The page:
"We are actively seeking patients for these trials and any note of that on a patient-directed web site would be appreciated."

If you would like to apply for his trials, here is the website and information.

Dr. Rosenberg's information

Dr. Rosenberg's Clinical Trials

For the Warriors

The Melanoma Research Alliance has partnered with Bruce Springsteen, the E Street Band, and the Federici family to alleviate suffering and death from melanoma. Please view Bruce Springsteen’s public service announcement inspired by Danny Federici. Danny was the E Street Band’s organist and keyboard player. He died on April 17, 2008 at Memorial Sloan-Kettering Cancer Center in New York City after a three year battle with melanoma.

Source Fastcures blog

Join the Relay for Life!!!


Dear Family and Friends,

I’ve decided to take a stand and fight back against cancer by participating in the American Cancer Society Relay For Life® event right here in my community! Please support me in this important cause by making a secure, tax-deductible donation online using the link below.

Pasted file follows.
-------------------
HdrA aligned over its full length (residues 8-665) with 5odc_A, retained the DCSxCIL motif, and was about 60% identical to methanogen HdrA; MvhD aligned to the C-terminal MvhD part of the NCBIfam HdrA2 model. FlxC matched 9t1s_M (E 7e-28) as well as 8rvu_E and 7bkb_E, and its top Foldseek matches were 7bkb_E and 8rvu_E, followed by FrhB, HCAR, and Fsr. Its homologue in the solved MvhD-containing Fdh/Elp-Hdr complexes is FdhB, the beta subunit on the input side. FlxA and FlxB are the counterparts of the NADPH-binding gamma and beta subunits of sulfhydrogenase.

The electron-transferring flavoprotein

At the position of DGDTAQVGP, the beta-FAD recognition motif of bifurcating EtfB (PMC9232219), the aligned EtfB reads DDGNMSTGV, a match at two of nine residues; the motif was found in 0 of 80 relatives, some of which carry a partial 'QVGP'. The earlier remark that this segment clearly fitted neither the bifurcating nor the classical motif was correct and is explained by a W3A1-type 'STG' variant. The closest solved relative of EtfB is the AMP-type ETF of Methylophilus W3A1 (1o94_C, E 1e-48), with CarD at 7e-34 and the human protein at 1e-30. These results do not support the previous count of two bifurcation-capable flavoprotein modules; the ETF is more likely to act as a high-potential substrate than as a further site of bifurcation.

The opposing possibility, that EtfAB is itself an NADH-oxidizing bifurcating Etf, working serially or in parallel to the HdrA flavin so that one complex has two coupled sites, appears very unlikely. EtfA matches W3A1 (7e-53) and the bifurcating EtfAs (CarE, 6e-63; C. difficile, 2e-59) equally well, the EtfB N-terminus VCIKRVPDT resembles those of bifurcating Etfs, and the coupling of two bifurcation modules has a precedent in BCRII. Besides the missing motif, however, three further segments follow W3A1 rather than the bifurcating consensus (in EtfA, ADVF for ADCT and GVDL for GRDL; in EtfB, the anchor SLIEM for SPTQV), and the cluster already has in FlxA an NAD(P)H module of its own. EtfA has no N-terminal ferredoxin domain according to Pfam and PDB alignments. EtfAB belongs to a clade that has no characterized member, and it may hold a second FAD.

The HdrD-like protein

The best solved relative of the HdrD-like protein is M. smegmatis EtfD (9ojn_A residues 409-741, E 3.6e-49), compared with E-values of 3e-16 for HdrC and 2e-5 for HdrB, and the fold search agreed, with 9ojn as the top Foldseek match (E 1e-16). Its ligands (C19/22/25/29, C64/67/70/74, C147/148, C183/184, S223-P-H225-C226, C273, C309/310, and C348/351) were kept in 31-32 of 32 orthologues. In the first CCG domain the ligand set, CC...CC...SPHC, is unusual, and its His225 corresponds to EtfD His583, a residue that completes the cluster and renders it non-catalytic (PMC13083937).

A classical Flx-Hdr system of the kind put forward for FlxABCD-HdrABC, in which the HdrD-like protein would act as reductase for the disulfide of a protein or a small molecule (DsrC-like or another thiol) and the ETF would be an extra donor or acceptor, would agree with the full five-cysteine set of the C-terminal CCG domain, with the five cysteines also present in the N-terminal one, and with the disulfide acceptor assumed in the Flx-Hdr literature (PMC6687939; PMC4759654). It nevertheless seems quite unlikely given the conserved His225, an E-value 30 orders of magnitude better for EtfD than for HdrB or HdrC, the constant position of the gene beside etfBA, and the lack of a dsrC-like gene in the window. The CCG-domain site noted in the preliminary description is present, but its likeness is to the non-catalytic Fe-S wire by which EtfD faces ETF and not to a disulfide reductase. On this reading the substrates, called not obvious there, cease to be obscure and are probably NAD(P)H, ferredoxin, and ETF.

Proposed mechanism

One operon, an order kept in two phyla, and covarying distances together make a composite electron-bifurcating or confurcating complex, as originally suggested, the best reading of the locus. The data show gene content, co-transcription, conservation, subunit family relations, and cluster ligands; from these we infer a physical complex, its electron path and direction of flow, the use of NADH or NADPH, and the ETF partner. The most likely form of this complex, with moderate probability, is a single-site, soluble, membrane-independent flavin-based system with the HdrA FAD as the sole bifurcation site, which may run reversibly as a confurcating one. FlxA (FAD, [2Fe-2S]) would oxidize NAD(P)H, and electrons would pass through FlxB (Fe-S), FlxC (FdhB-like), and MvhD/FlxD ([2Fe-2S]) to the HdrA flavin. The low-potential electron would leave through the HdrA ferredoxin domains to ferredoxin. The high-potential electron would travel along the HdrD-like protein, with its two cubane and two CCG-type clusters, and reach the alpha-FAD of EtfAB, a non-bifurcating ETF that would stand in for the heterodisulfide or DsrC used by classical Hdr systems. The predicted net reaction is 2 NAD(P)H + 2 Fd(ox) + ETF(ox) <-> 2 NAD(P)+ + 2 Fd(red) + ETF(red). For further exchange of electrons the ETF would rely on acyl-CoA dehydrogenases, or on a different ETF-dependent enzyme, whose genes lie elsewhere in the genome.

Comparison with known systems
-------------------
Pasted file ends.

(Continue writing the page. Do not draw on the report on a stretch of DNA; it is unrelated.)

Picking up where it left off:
To donate on line now, click here to visit my personal page.
Jimmy B AKA Melanoma_Missionary

Relay For Life® is a life-changing event that brings together more than 3.5 million people worldwide to:

CELEBRATE the lives of those who have battled cancer. The strength of survivors inspires others to continue to fight.

REMEMBER loved ones lost to the disease. At Relay, people who have walked alongside people battling cancer can grieve and find healing.

FIGHT BACK. We Relay because we have been touched by cancer and desperately want to put an end to the disease.

Whatever you can give will help - it all adds up! I greatly appreciate your support and will keep you posted on my progress.

Keep the Fire Burning!!!



Jimmy Breitfeller
Turn off Music before you "Click to Play"
Signs of Melanoma Carcinoma Skin Cancer

How Skin Cancer Develops by " : Dermatology"